Academic journal article Hispanic Review

Between Agency and Determinism: A Critical Review of Clarín Studies

Academic journal article Hispanic Review

Between Agency and Determinism: A Critical Review of Clarín Studies

Article excerpt

American Hispanism today is witnessing a perspectival shift that has the potential to alter fundamentally both the object and mode of study that our students will undertake in the very near future. Spanish departments that have focused, until recently, entirely on literature are expanding offerings to include courses on art, cultural anthropology, cinema, and other forms of mass media. Canonical areas of study, such as the Spanish Golden Age or fiction of the Latin-American Boom, are losing pride of place to these increasingly interdisciplinary subjects popular among younger faculty members and students. This article reviews studies of the work of Leopoldo Alas (Clarín), by examining some of the ideological determinants that have influenced criticism from the publication of La Regenta in 1884 up to this moment of great change, and also to suggest what the future of Clarín studies should be within Hispanic studies. My own view of Clarín studies is inspired by the critical realist approach of Roy Bhaskar and especially of social theorist Margaret Archer, who critique the reductionist and essentialist interpretations of subjectivity and the operations of cultural systems. I employ a simplified version of Archer's model to help describe the fluctuations in approaches to human agency and determinism.

In developing an alternative framework for describing distinctive human properties and powers, Archer outlines the shortcomings of two basic and overlapping approaches to the way we often account for human agency. "Modernity's man," Archer's term for the Enlightenment model that focuses on the autonomy of the individual, assumes that "Rational man" is at the center of the human universe and the source of all that makes society what it is. Beyond dispute is "Modernity man's" ability to choose, even if choices are weakened by emotions and passions. "Society's being," on the contrary, is Archer's term for the social constructivist's view of human autonomy as a mere cultural artifact, the product of the modernist and now postmodernist onslaught on humanity that asserts the primacy of linguistic structure over human agency, ultimately dissolving the possibility of true agency (Being Human 25). In this model, human beings are reduced to mere subjects through which messages pass, and, as a result, "the self becomes dissolved into discursive structures" (3). Since the eighteenth century, Western thought has fluctuated between these two models of human agency, sometimes described as voluntarism or determinism, and predictably these entrenched models inform both literary works and the ever-changing business of literary analysis.1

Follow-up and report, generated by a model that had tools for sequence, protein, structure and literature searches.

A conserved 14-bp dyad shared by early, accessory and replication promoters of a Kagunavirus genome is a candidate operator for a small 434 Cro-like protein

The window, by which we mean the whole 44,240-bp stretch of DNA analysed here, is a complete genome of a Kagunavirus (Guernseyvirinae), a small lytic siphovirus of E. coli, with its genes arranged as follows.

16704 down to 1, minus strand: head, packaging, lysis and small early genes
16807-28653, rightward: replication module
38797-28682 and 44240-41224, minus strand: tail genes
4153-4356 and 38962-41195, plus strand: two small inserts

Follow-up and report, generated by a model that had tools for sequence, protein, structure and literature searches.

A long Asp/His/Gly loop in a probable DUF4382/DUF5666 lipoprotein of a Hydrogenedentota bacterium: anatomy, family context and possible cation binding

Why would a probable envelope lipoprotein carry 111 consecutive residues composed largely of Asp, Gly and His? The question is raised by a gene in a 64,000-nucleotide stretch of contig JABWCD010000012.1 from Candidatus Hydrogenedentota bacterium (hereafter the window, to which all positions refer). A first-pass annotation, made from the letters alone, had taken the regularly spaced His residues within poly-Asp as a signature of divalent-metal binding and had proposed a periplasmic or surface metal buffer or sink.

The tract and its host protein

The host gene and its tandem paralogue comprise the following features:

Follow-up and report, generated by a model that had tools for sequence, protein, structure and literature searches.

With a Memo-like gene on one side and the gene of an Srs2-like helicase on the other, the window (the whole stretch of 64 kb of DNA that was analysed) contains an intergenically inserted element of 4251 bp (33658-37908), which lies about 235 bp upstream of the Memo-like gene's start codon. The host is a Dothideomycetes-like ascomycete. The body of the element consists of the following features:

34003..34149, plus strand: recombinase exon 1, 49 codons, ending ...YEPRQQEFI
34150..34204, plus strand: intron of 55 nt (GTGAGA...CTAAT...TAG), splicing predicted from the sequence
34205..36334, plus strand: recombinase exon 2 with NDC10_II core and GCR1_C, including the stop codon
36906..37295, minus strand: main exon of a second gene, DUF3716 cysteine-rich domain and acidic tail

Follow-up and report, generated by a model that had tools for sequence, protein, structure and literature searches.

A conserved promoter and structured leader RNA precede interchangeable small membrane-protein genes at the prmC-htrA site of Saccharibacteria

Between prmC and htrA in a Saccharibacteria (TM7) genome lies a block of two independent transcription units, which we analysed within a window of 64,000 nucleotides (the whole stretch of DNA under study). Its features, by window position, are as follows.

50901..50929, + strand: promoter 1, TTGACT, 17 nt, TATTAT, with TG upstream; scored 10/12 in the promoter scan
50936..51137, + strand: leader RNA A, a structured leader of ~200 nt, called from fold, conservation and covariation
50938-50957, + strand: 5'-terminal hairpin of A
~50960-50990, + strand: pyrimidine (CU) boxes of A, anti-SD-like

Both rational choice theorists and those who see the individual as "Society's man" typically defend their positions initially through a strategy of silence that insures nonreciprocity. Similarly, following the publication of La Regenta, we can distinguish two nonreciprocal camps: the Catholic/feudal/Carlista group and the liberal/bo urgeo is/Republican-leaning group of critics, who reacted to the novel in radically different ways that seem on the surface irreconcilable. Though relatively few in number, examples of these two contradictory readings appeared in Spanish newspapers during the 18905 when the literary battles of the day were hard fought and reflected ideologically charged programs stretching far beyond the aesthetic properties of the work of art. The public awaited the appearance of La Regenta with morbid curiosity since Clarín's acerbic wit had spared so few of his fellow writers and because he had already cemented his reputation as an anticlerical writer. Shortly before publishing the first volume of the novel, Clarín told his friend Galdos that only Galdós, Pereda, and perhaps Valera and Alarcón, were "real" novelists (qtd. in Vilanova, "Introducción" 11), and Clarín knew that to aspire to this tiny group of "real" authors, which he himself had ensured would be as select as possible, would be no small feat. …

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